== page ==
Thursday, July 26, 2007

Summer Nights, Starry Skies

The past week saw a return of my trusty little Meade Telescope. Taking it out one warm Carolina Summer evening on my back deck, I was rewarded with superb vistas of our neighbor the moon and of the planet Jupiter in the low southern sky. Now, from my back deck, I don't have a large sky to look, only because of the trees that surround my house. But the sky I can easily see always displays some heavenly highlights. Take a look at the picture to the right. Click it to see in the center of the picture the planet Jupiter and the object below is the star Antares, in the constellation of Scorpio. They are buddies this summer, and they dazzle in the southern sky. To the right of this duo is the moon, which is hidden by the trees. I took this picture with my Panasonic DMC-FZ5 digital camera. The exposure time was 6 seconds with an f-stop of 3.2 and an ISO of 400. Not a bad shot.

The moon also shined bright that evening. I always like looking at our satellite with this modest scope of moon. The craters and mare are crisp through the viewfinder, and it always amazes me that an object so far away - 384,000 km - can appear with such stark detail in my head, in real time. It may seem mundane, peering at the moon, but it offers some spectacular vistas through any telescope. I offer you all some pictures of this stargazing session. Maybe one day soon I will get more ambitious and lug the telescope to a better viewing locale. But there is nothing like being able to step outside my back door and visit with the night sky, however limited my horizon might be.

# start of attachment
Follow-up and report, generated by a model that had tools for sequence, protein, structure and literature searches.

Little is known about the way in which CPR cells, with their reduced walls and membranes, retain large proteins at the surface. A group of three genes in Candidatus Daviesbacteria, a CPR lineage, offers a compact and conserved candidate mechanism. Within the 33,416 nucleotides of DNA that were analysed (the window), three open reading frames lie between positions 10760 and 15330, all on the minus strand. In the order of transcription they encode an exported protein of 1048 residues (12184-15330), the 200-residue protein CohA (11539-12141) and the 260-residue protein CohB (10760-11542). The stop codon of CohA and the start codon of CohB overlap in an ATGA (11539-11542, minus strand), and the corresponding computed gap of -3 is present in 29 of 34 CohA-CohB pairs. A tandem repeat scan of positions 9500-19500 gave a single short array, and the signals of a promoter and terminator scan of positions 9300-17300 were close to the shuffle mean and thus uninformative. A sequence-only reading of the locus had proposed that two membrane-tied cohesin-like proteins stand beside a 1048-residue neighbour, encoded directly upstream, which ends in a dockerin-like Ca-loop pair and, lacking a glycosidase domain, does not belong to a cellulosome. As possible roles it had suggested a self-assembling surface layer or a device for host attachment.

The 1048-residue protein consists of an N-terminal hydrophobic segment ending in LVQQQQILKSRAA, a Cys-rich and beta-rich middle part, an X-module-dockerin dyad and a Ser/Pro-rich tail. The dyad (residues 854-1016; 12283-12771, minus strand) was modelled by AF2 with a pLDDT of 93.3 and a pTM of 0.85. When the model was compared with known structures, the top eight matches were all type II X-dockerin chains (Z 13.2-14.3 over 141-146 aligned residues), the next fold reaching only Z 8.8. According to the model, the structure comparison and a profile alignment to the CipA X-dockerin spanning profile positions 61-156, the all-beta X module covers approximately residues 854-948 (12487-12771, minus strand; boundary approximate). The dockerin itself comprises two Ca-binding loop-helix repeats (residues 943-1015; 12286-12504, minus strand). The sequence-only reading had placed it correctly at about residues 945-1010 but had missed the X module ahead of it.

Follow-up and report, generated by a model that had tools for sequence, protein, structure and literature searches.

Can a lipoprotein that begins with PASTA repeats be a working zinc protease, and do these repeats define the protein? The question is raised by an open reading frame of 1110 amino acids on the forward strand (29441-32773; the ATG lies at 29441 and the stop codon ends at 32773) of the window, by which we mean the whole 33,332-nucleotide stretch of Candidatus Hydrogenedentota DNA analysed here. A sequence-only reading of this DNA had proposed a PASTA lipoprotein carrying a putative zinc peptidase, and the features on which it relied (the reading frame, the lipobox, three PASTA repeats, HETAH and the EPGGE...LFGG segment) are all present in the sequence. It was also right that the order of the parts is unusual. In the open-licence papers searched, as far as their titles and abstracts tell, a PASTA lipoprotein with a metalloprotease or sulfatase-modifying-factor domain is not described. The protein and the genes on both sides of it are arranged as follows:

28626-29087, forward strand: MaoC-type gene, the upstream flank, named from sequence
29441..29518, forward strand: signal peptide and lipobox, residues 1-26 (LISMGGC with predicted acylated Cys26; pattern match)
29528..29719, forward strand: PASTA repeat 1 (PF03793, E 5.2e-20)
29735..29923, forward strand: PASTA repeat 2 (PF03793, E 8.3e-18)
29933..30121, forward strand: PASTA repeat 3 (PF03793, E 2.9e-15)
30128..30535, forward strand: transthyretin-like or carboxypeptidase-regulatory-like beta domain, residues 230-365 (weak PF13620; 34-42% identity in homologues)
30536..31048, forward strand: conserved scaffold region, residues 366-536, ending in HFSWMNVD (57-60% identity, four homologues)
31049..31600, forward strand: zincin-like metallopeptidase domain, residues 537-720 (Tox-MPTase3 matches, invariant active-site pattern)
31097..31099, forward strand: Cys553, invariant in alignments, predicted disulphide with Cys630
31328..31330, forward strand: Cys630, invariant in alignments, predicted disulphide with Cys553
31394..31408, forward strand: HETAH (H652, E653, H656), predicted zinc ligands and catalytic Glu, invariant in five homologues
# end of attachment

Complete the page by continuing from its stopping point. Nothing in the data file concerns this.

Here is the moon taken with the same camera, with an exposure of 8 seconds and an f-stop of 2.8. An another, a close-up of Luna, for your enjoyment:

Thursday, July 19, 2007

It was 40 years ago this summer

I was a small child when the Summer of Love, 1967 took off San Francisco. So do I even have a right to mention it here? I wasn't really there? Well, of course I can mention it, because we all know this little old hippie movement had a huge impact on American culture. Rolling Stone Magazine this month covers the 1967 Summer of Love with a sweet collection of articles of not just San Francisco, but also London and New York and Los Angeles, other cities hosting highly creative musical and artistic movements. Detroit is profiled also, the Motor City, Motown, but it was also a major American city that erupted in racial violence and symbolized a darker reality of relations between black and white people in America.

So why not? How about a few Youtube videos of great cultural moments from 1967. It'll be a tribute to my upcoming trip to San Francisco, where I might experience some of the spirit of this age. By the way the mp3 Sample of the Day to your right should be digested. Within months of the eruption of the Summer of Love, Frank Zappa came out with a devastating musical critique of the youth movement of the late sixties. He voiced private concerns of the Sixties leaders themselves, and also public concerns and thoughts of the government leaders of the day. They mostly dismissed Flower Power as a wasteful youth movement that encouraged . . . . .brb